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Majority online learning next school year could have negative impacts on your child's future, experts say

Posted at 9:29 AM, Jul 06, 2020
and last updated 2020-07-06 19:19:42-04

CLEVELAND — Governor Dewine has laid out some guidelines for student returning to school this fall. The guidelines include face masks for staff, social distancing measures and frequent cleaning and sanitizing, but as far as other details, the state is allowing each district to make the call.

Now, as the summer months dwindle down, districts have some tough decisions ahead. One of the big questions is whether schools will return online or in-person. But some believe majority remote learning can lead to some negative outcomes.

“Where we should start and end is to design our policies based on what kids need,” said Jane Timmons-Mitchell, an associate clinical professor of psychology at Case Western Reserve University.

She said that, for the most part, young children thrive working and being in an environment with their peers.

“Kids need to be with other kids for social and emotional development. They learn a lot from their peers. They develop a lot,” she said. “They need to feel good about themselves, they need feedback and one of the important ways that happens is in terms of relating to other kids.”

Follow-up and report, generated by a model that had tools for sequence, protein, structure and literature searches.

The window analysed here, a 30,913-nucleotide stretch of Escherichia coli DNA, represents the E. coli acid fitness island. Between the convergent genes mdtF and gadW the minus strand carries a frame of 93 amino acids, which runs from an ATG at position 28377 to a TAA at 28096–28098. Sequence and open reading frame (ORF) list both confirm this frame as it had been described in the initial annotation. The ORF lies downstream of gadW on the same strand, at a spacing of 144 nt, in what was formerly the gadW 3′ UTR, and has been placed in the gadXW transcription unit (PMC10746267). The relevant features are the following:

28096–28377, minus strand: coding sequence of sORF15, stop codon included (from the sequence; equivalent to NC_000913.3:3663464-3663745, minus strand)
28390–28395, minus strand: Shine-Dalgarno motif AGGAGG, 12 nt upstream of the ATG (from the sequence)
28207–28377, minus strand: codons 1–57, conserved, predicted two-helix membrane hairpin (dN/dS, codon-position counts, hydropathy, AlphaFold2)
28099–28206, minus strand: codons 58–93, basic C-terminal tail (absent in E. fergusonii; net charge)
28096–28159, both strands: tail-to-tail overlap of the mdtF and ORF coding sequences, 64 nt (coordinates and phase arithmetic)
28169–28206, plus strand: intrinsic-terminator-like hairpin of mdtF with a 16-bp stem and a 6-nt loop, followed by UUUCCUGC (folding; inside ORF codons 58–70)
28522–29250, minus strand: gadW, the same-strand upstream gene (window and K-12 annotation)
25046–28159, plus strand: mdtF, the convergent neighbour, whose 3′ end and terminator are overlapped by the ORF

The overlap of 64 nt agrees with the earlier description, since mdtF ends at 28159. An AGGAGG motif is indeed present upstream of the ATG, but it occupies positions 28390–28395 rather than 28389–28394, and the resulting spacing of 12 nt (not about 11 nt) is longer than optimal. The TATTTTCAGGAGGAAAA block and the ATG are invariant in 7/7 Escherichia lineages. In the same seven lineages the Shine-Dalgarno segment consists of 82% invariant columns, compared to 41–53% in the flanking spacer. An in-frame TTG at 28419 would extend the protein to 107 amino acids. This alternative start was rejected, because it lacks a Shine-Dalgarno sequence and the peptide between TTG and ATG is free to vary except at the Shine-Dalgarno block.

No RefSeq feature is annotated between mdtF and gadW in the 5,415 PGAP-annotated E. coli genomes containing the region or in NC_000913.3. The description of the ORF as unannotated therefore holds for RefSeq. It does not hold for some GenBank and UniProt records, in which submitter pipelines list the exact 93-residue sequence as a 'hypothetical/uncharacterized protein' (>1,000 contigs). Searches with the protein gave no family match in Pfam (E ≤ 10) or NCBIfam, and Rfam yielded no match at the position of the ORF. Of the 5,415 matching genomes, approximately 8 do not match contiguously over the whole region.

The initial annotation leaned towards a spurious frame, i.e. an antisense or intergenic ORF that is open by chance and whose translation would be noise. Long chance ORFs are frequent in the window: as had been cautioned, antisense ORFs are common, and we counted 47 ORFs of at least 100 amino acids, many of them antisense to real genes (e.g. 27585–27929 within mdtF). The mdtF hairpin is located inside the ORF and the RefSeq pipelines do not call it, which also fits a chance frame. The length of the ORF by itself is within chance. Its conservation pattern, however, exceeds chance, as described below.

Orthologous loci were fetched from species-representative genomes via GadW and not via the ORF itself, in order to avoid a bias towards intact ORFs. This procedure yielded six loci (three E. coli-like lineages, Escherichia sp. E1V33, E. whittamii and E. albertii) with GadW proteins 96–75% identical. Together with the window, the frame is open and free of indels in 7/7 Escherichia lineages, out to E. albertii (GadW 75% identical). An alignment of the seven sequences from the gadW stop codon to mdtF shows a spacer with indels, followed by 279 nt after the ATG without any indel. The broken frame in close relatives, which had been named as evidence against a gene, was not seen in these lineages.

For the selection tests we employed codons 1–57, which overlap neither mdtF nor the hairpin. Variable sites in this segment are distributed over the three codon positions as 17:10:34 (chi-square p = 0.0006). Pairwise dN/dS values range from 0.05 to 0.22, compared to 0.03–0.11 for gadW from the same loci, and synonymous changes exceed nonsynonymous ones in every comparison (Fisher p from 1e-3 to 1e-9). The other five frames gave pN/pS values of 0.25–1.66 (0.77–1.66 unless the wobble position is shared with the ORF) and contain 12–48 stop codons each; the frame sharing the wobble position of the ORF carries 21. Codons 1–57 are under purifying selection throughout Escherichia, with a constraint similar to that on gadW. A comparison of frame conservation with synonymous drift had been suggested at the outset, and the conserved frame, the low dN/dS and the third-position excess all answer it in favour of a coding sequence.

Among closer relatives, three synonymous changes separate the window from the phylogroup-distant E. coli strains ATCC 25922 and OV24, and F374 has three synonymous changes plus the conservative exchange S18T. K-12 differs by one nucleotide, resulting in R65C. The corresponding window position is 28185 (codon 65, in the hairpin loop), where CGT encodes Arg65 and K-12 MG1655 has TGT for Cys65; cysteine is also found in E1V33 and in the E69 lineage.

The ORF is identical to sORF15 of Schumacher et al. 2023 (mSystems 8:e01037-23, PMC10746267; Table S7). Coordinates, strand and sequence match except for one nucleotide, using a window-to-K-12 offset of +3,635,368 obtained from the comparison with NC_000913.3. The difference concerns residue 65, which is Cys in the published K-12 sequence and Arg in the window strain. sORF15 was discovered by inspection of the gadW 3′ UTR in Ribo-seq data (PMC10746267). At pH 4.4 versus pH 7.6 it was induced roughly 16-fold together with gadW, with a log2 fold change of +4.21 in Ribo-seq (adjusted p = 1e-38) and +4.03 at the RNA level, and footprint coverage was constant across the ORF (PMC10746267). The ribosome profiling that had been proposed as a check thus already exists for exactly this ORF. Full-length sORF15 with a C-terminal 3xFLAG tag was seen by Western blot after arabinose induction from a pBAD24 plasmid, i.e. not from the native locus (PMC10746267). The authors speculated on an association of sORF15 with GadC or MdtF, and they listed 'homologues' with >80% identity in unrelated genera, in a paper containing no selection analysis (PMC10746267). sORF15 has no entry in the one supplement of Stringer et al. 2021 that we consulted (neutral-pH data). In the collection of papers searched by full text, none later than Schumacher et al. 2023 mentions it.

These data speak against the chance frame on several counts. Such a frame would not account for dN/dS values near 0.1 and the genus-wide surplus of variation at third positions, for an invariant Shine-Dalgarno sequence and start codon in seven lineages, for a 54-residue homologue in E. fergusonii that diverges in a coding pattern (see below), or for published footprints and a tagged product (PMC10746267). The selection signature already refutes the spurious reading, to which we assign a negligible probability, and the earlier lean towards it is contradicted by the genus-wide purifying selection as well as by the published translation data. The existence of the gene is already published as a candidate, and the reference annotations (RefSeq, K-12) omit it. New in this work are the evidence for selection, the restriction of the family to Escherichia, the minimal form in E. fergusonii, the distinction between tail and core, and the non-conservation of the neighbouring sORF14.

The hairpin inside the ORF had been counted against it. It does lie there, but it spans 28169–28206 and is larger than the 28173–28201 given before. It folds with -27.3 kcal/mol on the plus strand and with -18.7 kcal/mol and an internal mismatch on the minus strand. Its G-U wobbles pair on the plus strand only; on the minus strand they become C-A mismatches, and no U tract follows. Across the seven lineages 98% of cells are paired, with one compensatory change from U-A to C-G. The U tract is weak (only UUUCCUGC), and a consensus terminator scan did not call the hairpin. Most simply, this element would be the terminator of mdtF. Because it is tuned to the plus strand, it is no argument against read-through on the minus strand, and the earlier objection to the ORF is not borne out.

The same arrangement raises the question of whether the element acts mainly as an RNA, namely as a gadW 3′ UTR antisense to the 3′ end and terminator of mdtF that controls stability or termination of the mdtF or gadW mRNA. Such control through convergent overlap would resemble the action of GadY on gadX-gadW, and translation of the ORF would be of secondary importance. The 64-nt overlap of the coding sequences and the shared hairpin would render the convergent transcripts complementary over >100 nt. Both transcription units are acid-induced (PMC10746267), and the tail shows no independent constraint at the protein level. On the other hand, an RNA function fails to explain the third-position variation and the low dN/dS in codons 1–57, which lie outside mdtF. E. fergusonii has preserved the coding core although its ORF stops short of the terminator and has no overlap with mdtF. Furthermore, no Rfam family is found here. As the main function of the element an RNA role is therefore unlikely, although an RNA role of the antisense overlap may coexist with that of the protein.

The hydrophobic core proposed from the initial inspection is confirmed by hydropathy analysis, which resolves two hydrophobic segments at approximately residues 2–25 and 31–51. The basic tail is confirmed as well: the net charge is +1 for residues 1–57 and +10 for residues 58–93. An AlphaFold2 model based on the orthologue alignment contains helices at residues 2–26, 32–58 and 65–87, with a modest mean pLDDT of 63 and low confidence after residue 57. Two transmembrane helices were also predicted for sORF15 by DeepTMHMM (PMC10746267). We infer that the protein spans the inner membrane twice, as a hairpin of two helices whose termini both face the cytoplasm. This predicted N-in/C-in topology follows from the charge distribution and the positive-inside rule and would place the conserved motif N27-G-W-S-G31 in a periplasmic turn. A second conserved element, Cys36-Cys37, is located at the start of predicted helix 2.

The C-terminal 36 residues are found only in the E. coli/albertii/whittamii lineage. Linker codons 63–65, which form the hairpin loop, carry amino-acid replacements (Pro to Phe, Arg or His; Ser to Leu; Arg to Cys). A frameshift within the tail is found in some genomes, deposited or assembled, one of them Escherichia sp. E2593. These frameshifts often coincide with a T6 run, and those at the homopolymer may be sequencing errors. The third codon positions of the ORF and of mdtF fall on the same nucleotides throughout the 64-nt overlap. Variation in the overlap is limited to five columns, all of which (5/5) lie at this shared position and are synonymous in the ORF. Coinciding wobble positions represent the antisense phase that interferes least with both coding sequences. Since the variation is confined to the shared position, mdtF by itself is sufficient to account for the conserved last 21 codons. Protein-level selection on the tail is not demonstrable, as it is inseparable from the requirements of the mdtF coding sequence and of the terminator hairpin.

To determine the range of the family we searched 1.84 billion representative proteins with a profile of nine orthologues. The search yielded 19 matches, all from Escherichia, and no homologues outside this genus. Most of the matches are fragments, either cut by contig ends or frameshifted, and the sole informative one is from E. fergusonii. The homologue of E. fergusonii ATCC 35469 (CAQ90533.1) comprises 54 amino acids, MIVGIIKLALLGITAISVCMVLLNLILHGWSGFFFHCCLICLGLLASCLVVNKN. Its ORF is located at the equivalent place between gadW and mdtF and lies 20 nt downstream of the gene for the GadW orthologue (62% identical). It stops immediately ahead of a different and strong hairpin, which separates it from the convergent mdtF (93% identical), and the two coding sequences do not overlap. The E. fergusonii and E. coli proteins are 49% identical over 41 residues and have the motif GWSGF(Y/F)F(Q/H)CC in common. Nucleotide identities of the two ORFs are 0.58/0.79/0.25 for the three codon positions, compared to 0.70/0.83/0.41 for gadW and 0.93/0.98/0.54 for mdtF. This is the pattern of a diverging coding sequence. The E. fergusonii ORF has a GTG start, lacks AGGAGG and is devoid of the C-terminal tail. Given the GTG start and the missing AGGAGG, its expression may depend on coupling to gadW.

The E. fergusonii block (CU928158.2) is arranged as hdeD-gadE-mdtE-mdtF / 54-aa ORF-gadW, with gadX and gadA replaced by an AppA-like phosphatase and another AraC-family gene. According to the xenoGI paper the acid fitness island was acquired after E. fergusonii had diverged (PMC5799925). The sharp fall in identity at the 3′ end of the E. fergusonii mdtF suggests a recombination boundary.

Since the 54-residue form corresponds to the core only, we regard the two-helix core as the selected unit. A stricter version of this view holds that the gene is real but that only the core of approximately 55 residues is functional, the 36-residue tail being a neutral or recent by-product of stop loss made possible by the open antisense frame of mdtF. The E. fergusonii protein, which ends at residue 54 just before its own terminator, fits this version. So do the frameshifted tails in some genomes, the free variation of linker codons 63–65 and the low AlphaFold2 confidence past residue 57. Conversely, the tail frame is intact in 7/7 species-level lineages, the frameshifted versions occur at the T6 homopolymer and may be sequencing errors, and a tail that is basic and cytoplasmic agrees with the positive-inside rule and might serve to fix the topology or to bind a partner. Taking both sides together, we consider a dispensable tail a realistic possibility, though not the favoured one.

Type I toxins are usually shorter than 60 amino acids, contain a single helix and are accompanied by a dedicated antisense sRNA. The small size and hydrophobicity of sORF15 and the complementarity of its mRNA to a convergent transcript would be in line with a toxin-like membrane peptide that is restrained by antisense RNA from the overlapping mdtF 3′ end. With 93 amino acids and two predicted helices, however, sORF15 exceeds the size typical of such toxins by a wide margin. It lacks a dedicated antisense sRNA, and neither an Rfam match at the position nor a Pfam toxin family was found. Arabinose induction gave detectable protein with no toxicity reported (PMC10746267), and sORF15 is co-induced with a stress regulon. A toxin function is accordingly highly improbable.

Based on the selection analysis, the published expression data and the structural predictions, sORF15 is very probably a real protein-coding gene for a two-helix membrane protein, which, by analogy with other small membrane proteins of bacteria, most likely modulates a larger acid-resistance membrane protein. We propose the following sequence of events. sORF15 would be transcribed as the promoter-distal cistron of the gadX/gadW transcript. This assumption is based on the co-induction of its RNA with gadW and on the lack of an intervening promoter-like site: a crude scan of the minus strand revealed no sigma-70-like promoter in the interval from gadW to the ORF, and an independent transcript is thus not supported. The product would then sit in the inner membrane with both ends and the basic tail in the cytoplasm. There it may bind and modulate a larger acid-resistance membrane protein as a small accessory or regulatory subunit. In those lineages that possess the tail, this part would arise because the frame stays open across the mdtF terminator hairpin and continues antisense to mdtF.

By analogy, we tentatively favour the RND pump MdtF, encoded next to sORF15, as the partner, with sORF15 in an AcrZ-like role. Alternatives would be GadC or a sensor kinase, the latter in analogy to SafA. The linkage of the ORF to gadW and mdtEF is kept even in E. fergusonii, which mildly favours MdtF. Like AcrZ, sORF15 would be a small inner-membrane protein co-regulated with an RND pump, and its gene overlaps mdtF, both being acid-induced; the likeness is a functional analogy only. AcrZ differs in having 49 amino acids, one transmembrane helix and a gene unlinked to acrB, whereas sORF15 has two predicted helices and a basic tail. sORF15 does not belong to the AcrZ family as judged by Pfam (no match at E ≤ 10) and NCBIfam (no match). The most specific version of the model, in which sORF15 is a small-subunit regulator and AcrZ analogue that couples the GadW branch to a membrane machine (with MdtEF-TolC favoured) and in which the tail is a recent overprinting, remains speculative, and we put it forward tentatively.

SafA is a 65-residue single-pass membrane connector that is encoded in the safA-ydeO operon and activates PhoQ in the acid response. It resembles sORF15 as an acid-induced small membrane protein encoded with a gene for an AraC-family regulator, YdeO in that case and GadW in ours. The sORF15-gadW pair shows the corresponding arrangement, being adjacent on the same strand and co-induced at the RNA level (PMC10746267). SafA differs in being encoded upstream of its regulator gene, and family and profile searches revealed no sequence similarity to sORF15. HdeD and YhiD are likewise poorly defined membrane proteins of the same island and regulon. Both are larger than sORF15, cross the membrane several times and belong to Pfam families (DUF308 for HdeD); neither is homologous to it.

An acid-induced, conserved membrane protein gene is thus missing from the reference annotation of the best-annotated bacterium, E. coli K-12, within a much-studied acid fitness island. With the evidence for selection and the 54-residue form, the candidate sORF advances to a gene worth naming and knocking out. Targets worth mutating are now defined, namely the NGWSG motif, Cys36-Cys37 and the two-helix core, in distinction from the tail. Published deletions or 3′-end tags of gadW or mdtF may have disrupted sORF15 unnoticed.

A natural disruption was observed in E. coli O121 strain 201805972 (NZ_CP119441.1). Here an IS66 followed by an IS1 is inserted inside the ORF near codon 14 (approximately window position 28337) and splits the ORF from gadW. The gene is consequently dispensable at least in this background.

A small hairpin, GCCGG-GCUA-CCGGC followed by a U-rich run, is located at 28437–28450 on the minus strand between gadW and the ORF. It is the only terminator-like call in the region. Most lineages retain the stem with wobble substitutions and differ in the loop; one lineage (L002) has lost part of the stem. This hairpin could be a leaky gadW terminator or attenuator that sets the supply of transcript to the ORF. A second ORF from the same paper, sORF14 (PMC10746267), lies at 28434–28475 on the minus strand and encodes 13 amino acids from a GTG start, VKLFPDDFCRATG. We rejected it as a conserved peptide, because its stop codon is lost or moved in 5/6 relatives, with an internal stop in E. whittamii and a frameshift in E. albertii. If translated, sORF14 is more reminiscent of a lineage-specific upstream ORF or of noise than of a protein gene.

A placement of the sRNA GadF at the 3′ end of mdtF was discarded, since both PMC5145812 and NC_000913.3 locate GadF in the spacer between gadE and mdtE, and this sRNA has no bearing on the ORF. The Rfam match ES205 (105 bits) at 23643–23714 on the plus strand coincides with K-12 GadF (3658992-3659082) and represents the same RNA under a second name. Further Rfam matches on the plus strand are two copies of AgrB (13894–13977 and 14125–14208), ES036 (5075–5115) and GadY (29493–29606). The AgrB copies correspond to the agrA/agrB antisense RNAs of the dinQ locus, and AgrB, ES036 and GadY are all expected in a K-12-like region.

There’s talk of high school aged students going to the actual school buildings part time, or having the majority of their learning be online. Timmons-Mitchell advises against that.

“It’s really easy to think kids in high school are grown because they look like they are, but their brains aren’t completely developed. They’re really not actually grown,” she said. “They need supervision and they need structure and so it’s especially important to make sure that kids at all grades level have the structure of being in the school, if at all possible.”

Another concern with online learning is that absenteeism will increase.

In a new study, the Ohio State University found that children who missed a lot of school in their early years, before high school, were less likely to vote, reported having economic hardships and had bad educations outcomes when they became young adults.

“What kids need and what kids are able to do is highly impacted by what parents and administrators are able to do in regards to keeping track of that particular kid,” said Timmons-Mitchell.